(3) Minimum of at least three critically acclaimed (not just top sellers) songs, albums, collaborative works, etc. within the last 30 years. Part of being a standout in any art medium is recognition within the field. Sometimes this means big hits, other times it means well-respected songs that most skilled beatmakers know of or appreciate for what they are. And note: this particular criteria reflects the reality that some of the best in any given field are overlooked for various reasons. However, this does not diminish their work. Moreover, history is loaded with artists who didn’t get their proper appreciation until late in or well after their careers.

(4) The number of lyrically acclaimed rappers — in their prime — who rapped over their beats, and/or the subsequent “classic” songs created over the last 30 years. This is of particular importance for two reasons. First, it serves as proof as a particular beatmaker’s automatic place in the canon of hip hop/rap music. Second, it demonstrates the popularity and respect of a beatmaker among the best rhymers of their and other times.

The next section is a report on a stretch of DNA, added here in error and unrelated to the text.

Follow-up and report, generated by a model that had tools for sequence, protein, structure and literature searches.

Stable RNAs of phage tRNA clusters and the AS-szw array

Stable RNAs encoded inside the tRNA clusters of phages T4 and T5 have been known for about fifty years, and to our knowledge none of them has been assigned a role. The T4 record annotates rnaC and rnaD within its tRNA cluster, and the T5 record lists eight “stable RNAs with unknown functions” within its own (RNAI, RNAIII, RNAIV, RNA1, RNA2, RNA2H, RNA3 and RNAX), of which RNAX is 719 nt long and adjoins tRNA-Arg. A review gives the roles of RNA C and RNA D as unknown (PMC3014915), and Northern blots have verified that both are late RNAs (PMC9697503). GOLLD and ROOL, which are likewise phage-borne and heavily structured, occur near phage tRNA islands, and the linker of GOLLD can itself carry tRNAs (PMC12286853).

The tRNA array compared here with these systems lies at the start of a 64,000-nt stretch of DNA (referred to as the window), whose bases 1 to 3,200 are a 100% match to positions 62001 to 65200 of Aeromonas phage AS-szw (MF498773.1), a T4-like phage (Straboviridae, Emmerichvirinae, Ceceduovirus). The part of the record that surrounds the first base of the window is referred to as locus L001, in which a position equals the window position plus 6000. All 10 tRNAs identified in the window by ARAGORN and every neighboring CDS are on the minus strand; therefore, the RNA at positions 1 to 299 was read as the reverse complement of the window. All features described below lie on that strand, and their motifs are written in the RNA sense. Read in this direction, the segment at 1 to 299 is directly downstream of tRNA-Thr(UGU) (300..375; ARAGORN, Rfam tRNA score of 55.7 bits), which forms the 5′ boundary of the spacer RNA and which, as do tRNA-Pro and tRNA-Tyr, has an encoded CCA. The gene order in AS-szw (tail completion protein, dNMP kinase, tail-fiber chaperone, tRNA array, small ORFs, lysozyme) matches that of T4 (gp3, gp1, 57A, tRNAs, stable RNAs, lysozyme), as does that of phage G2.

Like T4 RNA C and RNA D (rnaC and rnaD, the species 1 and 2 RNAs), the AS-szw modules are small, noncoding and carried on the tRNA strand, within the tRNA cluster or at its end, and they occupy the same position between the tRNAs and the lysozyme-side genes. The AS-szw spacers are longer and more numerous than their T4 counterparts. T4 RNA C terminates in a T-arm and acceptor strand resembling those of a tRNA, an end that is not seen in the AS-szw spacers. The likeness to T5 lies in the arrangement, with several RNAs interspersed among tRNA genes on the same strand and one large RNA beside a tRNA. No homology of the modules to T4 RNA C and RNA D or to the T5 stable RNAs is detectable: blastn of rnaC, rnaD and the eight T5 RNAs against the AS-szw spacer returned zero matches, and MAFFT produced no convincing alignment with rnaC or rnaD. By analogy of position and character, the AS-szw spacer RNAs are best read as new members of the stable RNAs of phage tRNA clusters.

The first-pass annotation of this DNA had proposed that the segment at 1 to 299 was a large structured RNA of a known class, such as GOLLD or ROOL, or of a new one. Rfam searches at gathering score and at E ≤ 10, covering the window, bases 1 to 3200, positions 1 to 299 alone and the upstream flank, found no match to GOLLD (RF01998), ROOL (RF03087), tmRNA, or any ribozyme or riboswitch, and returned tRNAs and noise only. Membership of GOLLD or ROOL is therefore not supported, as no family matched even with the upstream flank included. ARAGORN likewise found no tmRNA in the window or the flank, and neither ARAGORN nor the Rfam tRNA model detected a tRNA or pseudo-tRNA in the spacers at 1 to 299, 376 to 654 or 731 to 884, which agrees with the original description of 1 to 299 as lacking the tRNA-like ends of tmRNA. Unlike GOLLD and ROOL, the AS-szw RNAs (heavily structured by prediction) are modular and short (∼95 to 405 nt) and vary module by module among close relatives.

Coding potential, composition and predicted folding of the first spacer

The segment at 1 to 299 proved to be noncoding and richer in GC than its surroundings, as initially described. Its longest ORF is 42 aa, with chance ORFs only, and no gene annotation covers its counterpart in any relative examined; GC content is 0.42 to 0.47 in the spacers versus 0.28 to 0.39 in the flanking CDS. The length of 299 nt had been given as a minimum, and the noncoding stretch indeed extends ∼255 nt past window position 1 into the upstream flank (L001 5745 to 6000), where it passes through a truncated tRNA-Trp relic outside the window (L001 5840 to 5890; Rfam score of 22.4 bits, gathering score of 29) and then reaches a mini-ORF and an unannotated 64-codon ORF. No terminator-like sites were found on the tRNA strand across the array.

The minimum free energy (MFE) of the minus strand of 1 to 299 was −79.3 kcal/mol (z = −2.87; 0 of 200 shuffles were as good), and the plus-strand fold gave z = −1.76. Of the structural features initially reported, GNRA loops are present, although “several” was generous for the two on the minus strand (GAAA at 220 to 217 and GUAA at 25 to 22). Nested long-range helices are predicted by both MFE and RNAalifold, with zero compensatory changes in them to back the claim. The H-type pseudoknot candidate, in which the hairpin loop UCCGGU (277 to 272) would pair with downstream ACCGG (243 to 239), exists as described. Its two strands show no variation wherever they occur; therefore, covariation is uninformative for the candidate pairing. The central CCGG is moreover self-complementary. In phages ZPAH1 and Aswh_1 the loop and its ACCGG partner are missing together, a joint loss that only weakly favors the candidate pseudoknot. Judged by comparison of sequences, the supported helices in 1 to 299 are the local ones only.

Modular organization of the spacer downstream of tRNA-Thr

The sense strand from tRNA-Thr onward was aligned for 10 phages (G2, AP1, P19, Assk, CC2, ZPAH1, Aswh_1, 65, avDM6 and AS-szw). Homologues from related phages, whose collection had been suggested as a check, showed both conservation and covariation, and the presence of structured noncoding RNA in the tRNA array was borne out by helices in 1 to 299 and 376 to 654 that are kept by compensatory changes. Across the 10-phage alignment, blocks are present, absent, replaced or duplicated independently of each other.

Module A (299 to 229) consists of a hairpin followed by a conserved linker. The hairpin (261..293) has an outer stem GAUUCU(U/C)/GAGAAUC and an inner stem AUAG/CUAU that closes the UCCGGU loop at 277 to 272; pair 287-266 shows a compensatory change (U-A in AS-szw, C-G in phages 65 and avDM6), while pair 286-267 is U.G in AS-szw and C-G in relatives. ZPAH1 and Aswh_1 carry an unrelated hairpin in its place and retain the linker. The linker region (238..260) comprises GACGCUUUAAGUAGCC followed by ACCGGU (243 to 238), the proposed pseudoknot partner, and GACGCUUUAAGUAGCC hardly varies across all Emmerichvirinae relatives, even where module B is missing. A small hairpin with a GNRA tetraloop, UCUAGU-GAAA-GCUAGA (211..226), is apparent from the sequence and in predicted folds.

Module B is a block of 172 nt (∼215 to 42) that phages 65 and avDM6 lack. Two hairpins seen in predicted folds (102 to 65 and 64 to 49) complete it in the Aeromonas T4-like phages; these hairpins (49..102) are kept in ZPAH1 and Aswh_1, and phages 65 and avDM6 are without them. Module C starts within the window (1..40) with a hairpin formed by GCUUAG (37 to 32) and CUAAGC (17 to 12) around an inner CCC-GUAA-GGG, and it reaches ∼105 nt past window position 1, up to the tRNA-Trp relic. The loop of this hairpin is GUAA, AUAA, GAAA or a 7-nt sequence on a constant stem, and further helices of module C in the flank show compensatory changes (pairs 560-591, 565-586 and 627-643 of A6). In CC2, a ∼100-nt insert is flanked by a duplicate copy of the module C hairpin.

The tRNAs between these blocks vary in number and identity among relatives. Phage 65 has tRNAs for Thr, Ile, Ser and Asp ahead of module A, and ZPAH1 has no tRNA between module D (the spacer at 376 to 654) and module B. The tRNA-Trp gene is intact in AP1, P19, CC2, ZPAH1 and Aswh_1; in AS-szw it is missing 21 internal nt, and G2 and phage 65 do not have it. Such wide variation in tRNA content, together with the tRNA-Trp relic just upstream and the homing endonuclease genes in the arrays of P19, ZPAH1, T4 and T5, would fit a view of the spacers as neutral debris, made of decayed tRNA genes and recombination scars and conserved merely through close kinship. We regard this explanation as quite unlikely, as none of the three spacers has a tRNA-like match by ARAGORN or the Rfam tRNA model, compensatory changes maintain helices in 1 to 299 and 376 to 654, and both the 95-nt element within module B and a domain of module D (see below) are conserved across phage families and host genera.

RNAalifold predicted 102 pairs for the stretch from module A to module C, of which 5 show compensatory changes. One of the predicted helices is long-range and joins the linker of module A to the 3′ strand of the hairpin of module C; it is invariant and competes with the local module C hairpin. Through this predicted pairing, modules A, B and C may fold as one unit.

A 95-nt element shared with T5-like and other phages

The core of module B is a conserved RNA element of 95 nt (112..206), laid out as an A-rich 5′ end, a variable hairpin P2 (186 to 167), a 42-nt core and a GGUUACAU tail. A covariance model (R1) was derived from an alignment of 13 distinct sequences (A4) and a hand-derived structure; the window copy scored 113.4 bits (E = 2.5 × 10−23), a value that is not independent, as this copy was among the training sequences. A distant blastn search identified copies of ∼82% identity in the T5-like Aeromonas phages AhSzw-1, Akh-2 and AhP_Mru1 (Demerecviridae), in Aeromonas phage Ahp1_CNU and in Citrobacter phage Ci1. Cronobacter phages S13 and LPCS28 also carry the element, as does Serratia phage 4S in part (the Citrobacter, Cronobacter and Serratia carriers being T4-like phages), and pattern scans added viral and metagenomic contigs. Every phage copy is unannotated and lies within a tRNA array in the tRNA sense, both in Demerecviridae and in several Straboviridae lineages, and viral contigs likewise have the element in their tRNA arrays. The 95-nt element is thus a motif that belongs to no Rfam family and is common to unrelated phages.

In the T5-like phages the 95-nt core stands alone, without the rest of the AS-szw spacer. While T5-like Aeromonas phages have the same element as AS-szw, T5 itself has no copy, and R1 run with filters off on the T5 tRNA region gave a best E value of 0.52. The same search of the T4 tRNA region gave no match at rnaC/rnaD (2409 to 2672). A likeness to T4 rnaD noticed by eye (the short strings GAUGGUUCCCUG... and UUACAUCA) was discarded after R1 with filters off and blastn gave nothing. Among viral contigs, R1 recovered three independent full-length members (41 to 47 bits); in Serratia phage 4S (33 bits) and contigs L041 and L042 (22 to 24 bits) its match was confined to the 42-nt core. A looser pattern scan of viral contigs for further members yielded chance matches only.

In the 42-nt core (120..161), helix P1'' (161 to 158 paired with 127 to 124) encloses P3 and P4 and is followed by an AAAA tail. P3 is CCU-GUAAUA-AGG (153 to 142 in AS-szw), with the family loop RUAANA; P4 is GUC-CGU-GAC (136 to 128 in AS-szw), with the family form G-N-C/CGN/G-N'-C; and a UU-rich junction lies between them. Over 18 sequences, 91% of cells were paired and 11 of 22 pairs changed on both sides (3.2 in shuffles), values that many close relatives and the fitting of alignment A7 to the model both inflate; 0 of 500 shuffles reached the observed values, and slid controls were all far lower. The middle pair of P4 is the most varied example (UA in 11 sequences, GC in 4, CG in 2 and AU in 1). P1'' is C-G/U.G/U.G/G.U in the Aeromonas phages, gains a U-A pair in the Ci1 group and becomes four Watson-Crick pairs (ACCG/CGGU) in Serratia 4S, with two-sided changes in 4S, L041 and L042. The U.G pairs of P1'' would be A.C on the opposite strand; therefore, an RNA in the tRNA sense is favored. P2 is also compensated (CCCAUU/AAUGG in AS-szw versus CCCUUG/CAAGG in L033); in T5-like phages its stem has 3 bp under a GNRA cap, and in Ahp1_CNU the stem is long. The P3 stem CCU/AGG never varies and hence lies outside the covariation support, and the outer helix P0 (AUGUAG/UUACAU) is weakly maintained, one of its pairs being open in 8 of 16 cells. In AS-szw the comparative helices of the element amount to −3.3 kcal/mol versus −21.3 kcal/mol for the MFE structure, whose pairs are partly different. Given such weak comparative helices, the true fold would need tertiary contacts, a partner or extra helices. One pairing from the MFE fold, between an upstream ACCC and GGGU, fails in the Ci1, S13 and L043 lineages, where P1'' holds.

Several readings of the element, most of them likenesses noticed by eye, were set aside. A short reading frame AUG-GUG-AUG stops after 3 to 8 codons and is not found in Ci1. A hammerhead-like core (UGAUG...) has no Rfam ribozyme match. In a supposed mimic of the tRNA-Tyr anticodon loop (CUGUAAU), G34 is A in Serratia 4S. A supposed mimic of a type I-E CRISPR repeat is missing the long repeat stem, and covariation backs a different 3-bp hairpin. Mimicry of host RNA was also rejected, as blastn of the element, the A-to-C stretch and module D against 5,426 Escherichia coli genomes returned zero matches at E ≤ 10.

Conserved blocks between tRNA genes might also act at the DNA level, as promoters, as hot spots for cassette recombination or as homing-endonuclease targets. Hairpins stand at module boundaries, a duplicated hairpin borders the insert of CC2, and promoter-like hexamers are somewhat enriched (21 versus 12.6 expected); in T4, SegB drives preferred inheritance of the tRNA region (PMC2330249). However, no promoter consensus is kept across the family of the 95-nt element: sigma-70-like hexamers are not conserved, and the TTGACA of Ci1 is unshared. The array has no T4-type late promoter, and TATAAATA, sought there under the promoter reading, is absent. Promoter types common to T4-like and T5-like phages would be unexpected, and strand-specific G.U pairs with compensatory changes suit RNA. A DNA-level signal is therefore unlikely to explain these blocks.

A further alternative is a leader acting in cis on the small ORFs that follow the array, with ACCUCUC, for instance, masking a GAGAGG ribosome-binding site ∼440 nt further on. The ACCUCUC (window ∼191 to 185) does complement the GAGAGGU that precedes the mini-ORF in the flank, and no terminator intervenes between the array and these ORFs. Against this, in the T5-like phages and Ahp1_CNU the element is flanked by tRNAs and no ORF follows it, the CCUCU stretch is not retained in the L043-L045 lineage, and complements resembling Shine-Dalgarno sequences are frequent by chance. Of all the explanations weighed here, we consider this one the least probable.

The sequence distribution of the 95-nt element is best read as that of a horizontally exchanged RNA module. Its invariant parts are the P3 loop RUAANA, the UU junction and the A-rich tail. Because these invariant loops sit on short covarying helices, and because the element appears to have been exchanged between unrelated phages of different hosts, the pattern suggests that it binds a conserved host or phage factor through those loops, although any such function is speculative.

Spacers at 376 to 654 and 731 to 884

(5) Real, not misperceived, impact and influence on other top beatmakers
of all time. Everybody has to be influenced by someone. But who influenced most of the beatmakers on the BeatTips Top 30 Beatmakers of All-Time list? Not surprisingly, many influenced each other.

(6) Real, not misperceived, overall impact (or likely impact) on the beatmaking tradition. In other words, what was their recognizable impact on the beatmaking tradition itself? For instance, what developments, styles, techniques, ideas, etc. did they contribute to the beatmaking tradition?